tv CNN Newsroom With Ana Cabrera CNN April 26, 2021 10:00am-11:01am PDT
interesting new court. joan, dpgrateful for your insigs today. thanks for your time, see you back here tomorrow, ana cabrera picks up our coverage right now. ♪ hello, i'm ana cabrera in new york, breaking news, cnn has just obtained the death certificate of andrew brown jr., the black man shot and killed by sheriff's deputies in north carolina. it says brown died of a result of a, quote, penetrating gunshot wound to the head and died within minutes of being shot. the certificate calls brown's death a homicide, saying brown was shot by others. this comes as calls for the police body cam footage grow louder. attorneys for the brown family spoke just moments ago at a press conference. >> i was told by the district attorney -- i was told by the district attorney that the family would get to see the raw footage, not the redacted
version. these county administrators are walking back the promises they made. show the tape. if you ain't got nothing to hide, show the tape. >> let's go live right now to north carolina and cnn's natasha chen joins us in elizabeth city. explain exactly how we got here and where things stand right now. >> reporter: right, ana, you just mentioned the death certificate that was obtained by our colleagues brian todd and producer devon sayers, and just to repeat, this is very new information compared to the 911 audio we've been listening to for the last few days. again, this death certificate saying that andrew brown jr. died by a penetrating gunshot wound to the dead -- to the head and died within minutes of being shot. this differs from the 911 audio that we've been hearing where an emergency responder was heard saying that he was found with a gunshot wound to the back. all of this extremely concerning to the family and community that have been gathered outside this
public safety building here and at the same time i got a statement from the county attorney within the past hour, saying that they need more time to redact the body camera footage before they can show family members what they're saying is that the north carolina state statute allows them to do so, if it is to protect an active investigation, so that's what they are saying they need to do. they would like to blur some faces, it's going to take some time, and then they can show the family that footage in private. now, the family's attorneys have been out here with the community in the street, they tell us that that moment is coming shortly, that they expect to go in and view that video with the family, which could answer a lot of questions that have been on the minds of people really hurting from this incident last wednesday. so that's five full days since this happened. and the family, really no one has seen the body camera footage that was -- you know, obtained
from the different c.body camer worn by the seven deputies on the scene. the seven deputies are on administrative leave. two deputies resigned. a third deputy retired. everyone here is gathered outside the building waiting for the family attorneys to go in with the family to view the video. then to come back out and potentially tell the rest of us what they saw, ana. >> and natasha, we are getting word as you were speaking the family is going in to view this video right now. we of course will await word from them after they see this video. but understandably they are extremely concerned about what they will see. they express that there was an initial debate over who was going to be seeing the video, which member of the family would represent them and be able to have access to that video viewing, only to be told an hour before they were supposed to see it that they needed to do some redactions and that, in fact, because of those redactions there was going to be a delay in terms of when they'd be able to see the video. can we talk more about the redactions that are expected?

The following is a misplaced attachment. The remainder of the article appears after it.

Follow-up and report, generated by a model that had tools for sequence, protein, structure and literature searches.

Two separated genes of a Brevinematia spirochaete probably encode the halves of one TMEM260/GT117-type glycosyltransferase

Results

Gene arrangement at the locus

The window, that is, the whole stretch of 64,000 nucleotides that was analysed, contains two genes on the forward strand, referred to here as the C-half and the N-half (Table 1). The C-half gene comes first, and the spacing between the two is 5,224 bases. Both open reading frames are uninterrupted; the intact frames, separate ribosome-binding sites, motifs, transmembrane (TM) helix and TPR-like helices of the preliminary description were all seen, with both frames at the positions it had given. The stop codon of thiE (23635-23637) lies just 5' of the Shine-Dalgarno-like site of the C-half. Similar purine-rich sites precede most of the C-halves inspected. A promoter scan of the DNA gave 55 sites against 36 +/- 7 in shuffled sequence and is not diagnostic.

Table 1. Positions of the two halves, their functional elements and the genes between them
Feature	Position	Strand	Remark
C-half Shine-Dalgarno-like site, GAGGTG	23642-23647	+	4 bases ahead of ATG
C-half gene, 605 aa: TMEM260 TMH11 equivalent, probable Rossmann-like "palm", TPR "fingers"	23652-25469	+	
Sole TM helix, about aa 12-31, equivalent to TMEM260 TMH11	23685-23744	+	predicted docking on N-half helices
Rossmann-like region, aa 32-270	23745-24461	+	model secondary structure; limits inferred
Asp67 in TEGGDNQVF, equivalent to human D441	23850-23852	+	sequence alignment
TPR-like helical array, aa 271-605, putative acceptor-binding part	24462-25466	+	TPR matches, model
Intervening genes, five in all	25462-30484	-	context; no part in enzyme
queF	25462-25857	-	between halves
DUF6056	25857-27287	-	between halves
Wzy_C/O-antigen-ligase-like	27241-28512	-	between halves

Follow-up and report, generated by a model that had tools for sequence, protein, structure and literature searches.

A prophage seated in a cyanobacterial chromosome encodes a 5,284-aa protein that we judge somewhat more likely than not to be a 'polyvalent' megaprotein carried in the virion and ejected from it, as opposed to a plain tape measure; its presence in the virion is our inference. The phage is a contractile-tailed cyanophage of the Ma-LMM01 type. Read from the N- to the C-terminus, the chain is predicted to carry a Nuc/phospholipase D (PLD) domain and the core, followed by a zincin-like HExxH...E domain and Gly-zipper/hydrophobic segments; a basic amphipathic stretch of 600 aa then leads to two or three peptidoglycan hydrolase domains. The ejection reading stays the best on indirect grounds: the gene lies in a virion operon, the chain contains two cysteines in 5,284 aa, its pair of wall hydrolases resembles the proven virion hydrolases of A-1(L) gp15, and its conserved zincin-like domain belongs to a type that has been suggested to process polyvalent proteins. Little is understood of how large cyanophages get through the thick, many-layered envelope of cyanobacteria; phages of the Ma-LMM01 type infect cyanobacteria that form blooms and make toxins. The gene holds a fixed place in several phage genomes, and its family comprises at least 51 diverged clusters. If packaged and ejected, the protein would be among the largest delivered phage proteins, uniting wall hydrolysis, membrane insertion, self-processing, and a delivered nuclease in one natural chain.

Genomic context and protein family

do we know what they're planning to redact or why they would need to redact anything? >> reporter: sure. so let me pull up the whole statement that the county attorney sent us here. this is from county attorney r. michael cox. and what he's doing is he's saying -- he's citing north carolina state statute saying that the redaction may be done when necessary to protect an active internal investigation and that the law allows them to do this and blur some faces on the video and that process takes time. and then the statement goes on to say that as soon as the redactions are complete we will allow the family to view the footage, that's perhaps what's happening now. we hope this occurs today but the actual time will be driven by the completion of the redactions. we are also continuing to seek transparency within the law and continue our efforts to get a court order that would allow the video to be released to the public because, again, ana in
north carolina it requires a judge to grant the release of the video to the public, and that's why there's been discussion of many different entities filing court orders to try to get this video released. and one of those entities actually includes a coalition of news organizations, including cnn. and this coalition has filed to push for the release of that video today. the elizabeth city city manager told me they are filing today a formal letter with the sheriff's office to allow them three business days to respond before they go to the court as well, ana. >> natasha, stand by, we understand attorney ben crump who's representing the family is speaking, let's listen. >> of andrew brown jr., attorney daniels is going to give an announcement and an update so you all can govern yourselves accordingly. >> i've been in communication with the county attorney. mike cox. and he emailed me and let me